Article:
Black History: Special Delivery!!
Minnie Cox (1869-1933) was appointed as post master in Indianola, Mississippi in 1891. Before her employment at the post office, Cox was an educator and school principal. She was a graduate of Fisk University. Initially she was appointed by President Benjamin Harrison to the postmaster role when there was no white Republican who qualified for the job. She is believed to be the first African American woman to hold a post master position. Her appointment was made during the post civil war reconstruction era when African Americans were appointed and elected to various political roles that had previously been unavailable to them before the Civil War. Cox was again reappointed in 1897 under President William McKinley and continued under the term of Theodore Roosevelt. Indianola was a predominately African American community. Minnie Cox and her husband were well respected members of the community.
The position of postmaster was a highly respected and well paid federal position. As postmaster, Cox oversaw postal services for approximately 3,000 residents and was paid $1,100 annually which would have been a significant salary at that time. She was known to have a strong work ethic; working long hours and even helping residents pay their rental fees on post office boxes when they fell behind. Cox even had a telephone installed in the post office at her own expense so that residents would have better communication with the post office. As the political climate began to change; hiring of African Americans in roles of this kind, fell out of favor. Cox was initially hired due, in part to her affiliation with the Republican party. However, during the Roosevelt presidential administration, the white community in Indianola decided to rally to eliminate African Americans from serving in leadership roles.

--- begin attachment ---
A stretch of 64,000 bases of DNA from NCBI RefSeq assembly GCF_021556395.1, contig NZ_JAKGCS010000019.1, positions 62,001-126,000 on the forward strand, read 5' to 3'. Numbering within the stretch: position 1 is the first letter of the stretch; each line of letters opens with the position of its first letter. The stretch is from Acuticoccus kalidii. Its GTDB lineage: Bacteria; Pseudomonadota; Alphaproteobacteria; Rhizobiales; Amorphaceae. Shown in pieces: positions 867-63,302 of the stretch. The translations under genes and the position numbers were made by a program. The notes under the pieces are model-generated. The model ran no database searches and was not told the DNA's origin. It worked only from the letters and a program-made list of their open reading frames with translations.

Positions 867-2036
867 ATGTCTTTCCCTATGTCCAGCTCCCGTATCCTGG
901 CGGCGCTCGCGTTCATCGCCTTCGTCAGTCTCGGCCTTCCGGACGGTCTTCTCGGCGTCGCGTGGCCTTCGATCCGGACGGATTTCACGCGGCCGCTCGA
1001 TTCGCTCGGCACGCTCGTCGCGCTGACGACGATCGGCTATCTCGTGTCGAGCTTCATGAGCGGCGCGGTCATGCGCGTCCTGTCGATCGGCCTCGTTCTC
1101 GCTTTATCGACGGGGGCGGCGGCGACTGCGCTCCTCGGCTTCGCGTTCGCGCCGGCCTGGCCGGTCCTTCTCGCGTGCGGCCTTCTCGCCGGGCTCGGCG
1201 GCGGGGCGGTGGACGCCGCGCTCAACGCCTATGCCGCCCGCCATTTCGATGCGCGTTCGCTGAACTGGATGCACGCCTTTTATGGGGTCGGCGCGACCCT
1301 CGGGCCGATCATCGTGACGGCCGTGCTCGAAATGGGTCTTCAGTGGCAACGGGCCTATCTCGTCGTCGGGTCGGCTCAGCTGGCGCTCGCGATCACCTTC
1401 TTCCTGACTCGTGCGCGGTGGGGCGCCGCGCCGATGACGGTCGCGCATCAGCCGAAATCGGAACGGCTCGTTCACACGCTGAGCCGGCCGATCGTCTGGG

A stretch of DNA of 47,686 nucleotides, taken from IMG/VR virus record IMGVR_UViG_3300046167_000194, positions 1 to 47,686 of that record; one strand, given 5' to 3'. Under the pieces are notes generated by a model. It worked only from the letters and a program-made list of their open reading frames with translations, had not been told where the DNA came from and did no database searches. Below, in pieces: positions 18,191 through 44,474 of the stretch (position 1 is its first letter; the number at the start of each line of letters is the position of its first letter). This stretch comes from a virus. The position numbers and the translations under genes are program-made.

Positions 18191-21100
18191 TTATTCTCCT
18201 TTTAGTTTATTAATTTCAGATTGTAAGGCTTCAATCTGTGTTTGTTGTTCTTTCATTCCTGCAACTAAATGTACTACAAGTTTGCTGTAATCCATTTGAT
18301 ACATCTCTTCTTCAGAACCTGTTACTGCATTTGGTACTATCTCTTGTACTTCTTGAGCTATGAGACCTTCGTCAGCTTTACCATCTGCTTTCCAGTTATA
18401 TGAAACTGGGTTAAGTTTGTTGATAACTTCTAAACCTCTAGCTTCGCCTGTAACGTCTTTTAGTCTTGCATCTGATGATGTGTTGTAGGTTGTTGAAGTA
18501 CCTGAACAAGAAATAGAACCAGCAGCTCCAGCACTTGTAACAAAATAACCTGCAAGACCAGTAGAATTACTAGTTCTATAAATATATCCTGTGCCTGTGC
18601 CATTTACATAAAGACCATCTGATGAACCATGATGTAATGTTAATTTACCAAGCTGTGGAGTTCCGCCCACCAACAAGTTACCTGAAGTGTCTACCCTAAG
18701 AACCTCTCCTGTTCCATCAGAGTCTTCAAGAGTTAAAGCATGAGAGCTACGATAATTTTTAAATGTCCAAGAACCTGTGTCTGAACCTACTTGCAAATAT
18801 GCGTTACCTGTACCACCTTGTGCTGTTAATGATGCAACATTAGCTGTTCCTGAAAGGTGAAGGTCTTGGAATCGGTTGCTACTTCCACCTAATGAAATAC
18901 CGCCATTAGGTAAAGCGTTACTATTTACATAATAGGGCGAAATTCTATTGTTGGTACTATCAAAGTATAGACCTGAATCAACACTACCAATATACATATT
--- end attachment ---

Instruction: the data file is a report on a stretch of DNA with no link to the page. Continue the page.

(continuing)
A petition was started within the community to remove Minnie Cox from her postmaster position; hoping that the role would then be filled by a white person. James K. Vardaman, editor of the Greenwood Commonwealth and also a white supremacist was a vocal opponent of Cox. In one speech, Vardaman scolded the residents of Indianola for, “tolerating a negro wench as postmaster”. Vardaman wanted Cox removed so that he could take over the role himself. His speeches garnered greater support to remove Cox from her position. White residents demanded that Cox resign her position by January 1, 1903. Cox initially refused to step down before the end of her term but did indicate that she would not seek reappointment after her current term ended.
She soon found her physical safety to be at risk because of her refusal to step down. Local authorities refused to come to her aid. Postal inspector, Charles Fitzgerald saw these threats to Cox, as necessitating intervention by the federal government. He requested that if necessary, federal troops be dispatched to protect Cox since she was a federal employee. Fearing for her safety, Cox submitted her resignation. President Roosevelt intervened and indicated that that intervention of federal troops would not be necessary. He also refused to accept Cox’s resignation. Instead, President Roosevelt suspended mail service in Indianola on January 2, 1903 and told the city’s residents that mail service would be rerouted until Minnie Cox could safely resume her duties. He also ordered that Cox would continue to receive her salary during this time.
The city environment continued to remain hostile and Cox eventually left the Indianola fearing for her safety on January 5, 1903. President Roosevelt ordered that the citizens who had threatened Minnie Cox be prosecuted by the attorney general. This incident drew national media coverage and was also debated for several hours in the U.S. Senate. A year later, in 1904, at the time that Cox’s term would have expired, the post office was re-opened. However it was reduced in rank from 3rd class to 4th class. Minnie Cox died in 1933.
Willard B. Gatewood, “Theodore Roosevelt and the Indianola Affair” in The Journal of Negro History, Vol. 53, No. 1, (January, 1968), 48-49.
“The Unsung Heroes of Mississippi,” Manuscripts Collections of the McCain Library and Archives, University of Southern Mississippi, 1-2.